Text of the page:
A taper model-based solution for estimating volume of wood in sugar maple (Acer saccharum Marsh.) in Ontario, Canada, is presented. This practical procedure, using a reformulated version of the 1999 taper model
of Zakrzewski, requires measuring only dbh and produces estimates of commercial wood volume allocated in stems and (or) branches, along tree length. The suggested methodology allows tree height to be treated as an implicit variable: either unobserved or unobservable (latent). Using the dbh-based
taper model, a standard height/dbh curve may be generated without height measurements. The methodology presented here may be also treated as a modeling framework for developing dbh-based biomass equations as well as for investigating spatial allocation of wood within trees, e.g., for studying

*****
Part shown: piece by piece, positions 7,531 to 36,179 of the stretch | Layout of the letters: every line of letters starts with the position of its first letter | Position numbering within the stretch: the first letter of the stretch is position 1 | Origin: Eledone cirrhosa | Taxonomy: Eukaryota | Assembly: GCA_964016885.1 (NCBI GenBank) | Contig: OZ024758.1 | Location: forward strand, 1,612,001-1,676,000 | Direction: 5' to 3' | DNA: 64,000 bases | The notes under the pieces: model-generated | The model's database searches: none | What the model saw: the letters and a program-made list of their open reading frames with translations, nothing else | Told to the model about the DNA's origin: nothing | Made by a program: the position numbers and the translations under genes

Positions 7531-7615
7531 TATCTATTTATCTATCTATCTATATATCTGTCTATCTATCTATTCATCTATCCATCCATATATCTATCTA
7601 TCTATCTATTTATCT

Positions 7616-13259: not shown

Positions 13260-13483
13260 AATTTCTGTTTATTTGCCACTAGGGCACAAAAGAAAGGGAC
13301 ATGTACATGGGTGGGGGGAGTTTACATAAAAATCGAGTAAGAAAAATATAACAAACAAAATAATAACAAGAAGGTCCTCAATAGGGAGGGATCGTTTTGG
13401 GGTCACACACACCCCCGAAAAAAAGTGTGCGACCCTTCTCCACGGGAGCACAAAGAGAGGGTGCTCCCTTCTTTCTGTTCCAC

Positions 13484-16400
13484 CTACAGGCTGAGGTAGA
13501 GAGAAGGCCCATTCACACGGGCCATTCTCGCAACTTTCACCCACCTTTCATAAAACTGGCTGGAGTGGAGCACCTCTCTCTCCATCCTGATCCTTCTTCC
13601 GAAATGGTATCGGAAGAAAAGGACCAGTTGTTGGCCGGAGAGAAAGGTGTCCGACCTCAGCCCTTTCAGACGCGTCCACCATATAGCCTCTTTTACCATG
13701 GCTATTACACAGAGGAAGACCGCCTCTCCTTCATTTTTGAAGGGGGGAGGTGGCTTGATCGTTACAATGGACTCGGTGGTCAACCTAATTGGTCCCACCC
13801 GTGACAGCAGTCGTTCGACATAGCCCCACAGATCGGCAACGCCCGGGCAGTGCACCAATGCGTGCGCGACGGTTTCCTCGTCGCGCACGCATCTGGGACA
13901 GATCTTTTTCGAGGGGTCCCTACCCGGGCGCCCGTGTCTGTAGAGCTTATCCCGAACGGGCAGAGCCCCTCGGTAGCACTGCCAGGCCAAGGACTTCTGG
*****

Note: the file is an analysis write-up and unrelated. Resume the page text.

the influence of the competitive environment (forest stand density) of a tree on height growth. Sample data used were measurements from 1,113 sugar maple trees from Ontario's Algonquin region.